By Wilfredo G. Reyes, Editor-in-Chief

“Any advertising that would tend to draw crowds is to be refrained from,” a notice read, advising business owners to “(a)void crowding your store” and to “(k)eep all clean and sanitary,” while another noted that those “who generally throng the shops at this season of the year are staying home; but, on the other hand, a much bigger business is being done in delivery orders.”(1)

Such advisories and observations should be pretty familiar to anyone by now — except that these were published more than a century ago at the height of the 1918 Spanish flu pandemic.

As with individuals, businesses have been scrambling for lessons from the past that could guide their response to COVID-19, only to find very few parallels and that a playbook to survive and emerge stronger is a work in progress.

BusinessWorld is no exception.

My stint at the helm of the editorial team began in January last year by, among others, reviewing SOPs for operations continuity, with disasters like massive floods of Ondoy’s magnitude and disruptive political events like coups d’etat in mind. True, the World Economic Forum’s Global Risks Report 2020, released on Jan. 15 that year, had counted “infectious diseases” as the 10th biggest risk in terms of impact, noting that “gathering pressures are straining health systems on many fronts” (reports of an outbreak of a strange strain of pneumonia began trickling out of China at the end of December 2019). Still, that was before the World Health Organization declared a pandemic in mid-March, so I suspect that risk was nowhere on the radar screens of most other companies at that time either. The Forum’s 2021 report, of course, listed infectious diseases and “livelihood crises” as the top two “clear and present dangers” for the next two years.(2)

It soon became clear to us that, unlike previous disruptions, this one would require more than just checking for casualties and those otherwise affected among staff, identifying those who can deliver the product and reviewing the day’s targets.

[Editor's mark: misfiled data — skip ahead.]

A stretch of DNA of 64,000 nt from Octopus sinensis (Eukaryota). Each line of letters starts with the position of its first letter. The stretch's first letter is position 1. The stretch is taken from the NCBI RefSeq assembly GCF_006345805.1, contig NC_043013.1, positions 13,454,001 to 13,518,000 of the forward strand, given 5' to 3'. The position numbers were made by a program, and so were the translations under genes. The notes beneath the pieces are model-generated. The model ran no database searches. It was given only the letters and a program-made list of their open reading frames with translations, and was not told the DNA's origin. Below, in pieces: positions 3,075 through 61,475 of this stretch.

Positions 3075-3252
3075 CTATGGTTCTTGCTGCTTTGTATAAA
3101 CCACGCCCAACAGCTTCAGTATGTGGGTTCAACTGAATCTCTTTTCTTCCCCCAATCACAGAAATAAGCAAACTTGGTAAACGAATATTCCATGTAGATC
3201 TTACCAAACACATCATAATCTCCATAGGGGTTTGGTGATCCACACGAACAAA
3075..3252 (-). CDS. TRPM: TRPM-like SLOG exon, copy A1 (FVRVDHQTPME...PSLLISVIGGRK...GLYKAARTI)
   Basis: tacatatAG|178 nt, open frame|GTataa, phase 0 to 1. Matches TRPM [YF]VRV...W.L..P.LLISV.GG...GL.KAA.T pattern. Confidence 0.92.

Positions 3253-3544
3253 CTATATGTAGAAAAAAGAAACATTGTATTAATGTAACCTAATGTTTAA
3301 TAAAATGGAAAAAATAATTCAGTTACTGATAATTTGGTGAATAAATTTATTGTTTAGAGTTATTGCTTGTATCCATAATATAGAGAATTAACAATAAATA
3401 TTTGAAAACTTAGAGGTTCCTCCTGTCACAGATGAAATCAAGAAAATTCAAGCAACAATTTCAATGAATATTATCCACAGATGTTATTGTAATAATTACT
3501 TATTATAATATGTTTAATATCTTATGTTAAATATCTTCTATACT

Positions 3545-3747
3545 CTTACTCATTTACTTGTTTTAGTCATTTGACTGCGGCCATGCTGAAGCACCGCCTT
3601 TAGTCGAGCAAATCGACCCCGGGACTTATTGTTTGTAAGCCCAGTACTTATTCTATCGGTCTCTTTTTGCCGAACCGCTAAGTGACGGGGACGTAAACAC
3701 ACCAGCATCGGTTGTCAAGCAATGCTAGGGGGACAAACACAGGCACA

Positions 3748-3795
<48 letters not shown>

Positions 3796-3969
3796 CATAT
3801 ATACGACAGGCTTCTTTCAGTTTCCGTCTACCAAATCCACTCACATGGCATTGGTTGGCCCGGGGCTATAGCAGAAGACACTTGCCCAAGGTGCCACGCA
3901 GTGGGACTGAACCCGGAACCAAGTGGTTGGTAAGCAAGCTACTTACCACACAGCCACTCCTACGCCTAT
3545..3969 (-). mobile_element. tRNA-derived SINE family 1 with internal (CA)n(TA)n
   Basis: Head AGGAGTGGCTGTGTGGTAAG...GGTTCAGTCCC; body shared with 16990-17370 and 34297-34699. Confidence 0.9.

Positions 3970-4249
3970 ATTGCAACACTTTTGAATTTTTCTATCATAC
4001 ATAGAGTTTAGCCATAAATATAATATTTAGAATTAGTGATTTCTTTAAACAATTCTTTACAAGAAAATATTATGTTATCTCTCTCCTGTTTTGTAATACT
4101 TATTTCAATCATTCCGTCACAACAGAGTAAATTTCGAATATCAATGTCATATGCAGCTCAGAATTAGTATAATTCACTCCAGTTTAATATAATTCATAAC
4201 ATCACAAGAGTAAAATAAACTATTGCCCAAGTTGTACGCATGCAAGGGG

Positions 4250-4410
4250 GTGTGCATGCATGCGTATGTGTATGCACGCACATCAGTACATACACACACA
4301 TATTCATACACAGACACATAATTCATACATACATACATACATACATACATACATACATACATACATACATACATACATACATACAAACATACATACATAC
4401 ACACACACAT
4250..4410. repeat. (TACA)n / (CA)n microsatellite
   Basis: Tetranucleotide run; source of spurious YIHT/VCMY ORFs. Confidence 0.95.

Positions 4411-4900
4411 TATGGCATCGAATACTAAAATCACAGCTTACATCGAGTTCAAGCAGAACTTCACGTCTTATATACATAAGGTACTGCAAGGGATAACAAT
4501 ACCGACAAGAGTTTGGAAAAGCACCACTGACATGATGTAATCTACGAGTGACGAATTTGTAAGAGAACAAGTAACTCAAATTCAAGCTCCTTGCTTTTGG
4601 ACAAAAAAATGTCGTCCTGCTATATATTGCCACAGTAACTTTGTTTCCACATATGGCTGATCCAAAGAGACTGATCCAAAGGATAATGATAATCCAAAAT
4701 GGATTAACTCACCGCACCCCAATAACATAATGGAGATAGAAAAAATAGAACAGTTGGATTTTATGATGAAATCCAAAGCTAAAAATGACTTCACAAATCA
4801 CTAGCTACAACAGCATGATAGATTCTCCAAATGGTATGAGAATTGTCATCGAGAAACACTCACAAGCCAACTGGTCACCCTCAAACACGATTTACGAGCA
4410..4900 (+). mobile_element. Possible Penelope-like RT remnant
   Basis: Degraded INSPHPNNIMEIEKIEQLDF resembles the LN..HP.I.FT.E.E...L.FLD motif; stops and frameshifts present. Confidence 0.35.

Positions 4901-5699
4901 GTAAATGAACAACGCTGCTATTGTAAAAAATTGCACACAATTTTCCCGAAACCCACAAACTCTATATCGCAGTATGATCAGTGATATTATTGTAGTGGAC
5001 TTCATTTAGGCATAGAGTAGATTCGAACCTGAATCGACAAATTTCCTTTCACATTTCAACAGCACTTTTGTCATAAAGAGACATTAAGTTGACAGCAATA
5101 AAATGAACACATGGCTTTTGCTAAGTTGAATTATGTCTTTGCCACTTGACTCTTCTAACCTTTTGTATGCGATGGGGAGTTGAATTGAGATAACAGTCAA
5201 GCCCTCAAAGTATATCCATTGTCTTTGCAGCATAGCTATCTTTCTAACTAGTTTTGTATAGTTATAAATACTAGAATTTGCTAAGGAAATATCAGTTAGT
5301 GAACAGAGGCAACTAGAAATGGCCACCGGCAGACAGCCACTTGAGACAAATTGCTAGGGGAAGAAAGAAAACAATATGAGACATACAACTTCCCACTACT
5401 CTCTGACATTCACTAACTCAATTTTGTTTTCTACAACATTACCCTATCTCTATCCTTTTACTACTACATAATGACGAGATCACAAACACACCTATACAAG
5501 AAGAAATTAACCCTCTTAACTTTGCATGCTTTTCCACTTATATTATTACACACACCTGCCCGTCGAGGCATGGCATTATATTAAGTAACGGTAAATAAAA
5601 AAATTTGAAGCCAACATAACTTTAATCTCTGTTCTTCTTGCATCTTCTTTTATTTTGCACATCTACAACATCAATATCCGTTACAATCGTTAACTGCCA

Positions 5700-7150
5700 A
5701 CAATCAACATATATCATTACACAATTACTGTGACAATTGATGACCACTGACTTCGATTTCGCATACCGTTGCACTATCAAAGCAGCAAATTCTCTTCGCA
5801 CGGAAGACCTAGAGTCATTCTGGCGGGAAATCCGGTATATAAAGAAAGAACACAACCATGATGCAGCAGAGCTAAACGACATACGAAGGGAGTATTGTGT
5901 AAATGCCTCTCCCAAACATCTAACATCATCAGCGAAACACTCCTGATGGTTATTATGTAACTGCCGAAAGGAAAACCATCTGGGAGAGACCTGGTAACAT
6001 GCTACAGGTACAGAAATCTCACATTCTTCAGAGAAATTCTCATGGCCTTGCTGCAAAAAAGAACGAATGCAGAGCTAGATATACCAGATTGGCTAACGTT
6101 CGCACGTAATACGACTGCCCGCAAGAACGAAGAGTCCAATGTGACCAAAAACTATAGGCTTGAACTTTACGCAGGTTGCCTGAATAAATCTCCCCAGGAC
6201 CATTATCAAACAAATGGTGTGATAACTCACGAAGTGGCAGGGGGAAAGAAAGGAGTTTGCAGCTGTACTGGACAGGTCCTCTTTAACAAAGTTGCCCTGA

It was also clear, as the government first announced a lockdown in mid-March last year, that paralysis was not an option — especially not for an organization whose core mission has been to provide timely information to its public.

BusinessWorld’s story since then probably reflects what has been going on elsewhere. As the company stabilized operations (i.e., plugging productivity shortcomings we were blind to before) and health protocols in the wake of the initial jolt from a hard economic lockdown in March, a small team sprang to action and explored the potential of maximizing digital channels for delivering content.

Within three months from the March 2020 lockdown, BusinessWorld held its first of several online interview series with top corporate leaders here and abroad. The company has also held two two-day economic fora since then within a span of six months and will be holding another soon. Those are besides weekly BusinessWorld B-Side podcasts based on leads taken from reporters’ daily coverage (but which could not be expounded on in spot news reports) and virtual roundtables with experts on various issues (many suggested by readers) under the BusinessWorld Insights brand.

During annual strategic planning sessions since the early 2000s, those leading the company had pondered the right time to go headlong into digital space and the answer — especially from 2015 onward — had invariably been: “Not yet, but let’s prepare everyone to stand on the springboard to take that plunge.”

Well, as with most everyone else, the pandemic-driven economic crisis has advanced this digitalization timetable — by about two years by my estimate. And that is one of the very few silver linings our company counts amid all the dilemmas and tragedies this emergency has spawned.

The ramping up of digital initiatives while doing what it takes to maximize the traditional print medium reminds me of that age-old military strategy of strengthening the fort while sending out patrols to foray into uncharted territory. The beauty of digital is that it allows one to aggressively tap opportunities as they open, learn from both successes and failures, and adjust accordingly as you go along.

I identify with those executives who were surprised by just how nimble their organizations and staff turned out to be amid all this disruption.(3) Of course, there was the inevitable resistance to doing things differently and tossing out routines that no longer work; hence, it was imperative that clear signals emanated from the top that we are doing this and it is here to stay.

The digital platform not only enabled BusinessWorld to reach its audience immediately amid the disruption the pandemic and the economic lockdown caused, but it also unlocked previously hidden value by opening opportunities for more products and unearthing hidden talent among staff.

It is also a more sustainable way of ramping up content production and connecting with a much bigger crowd.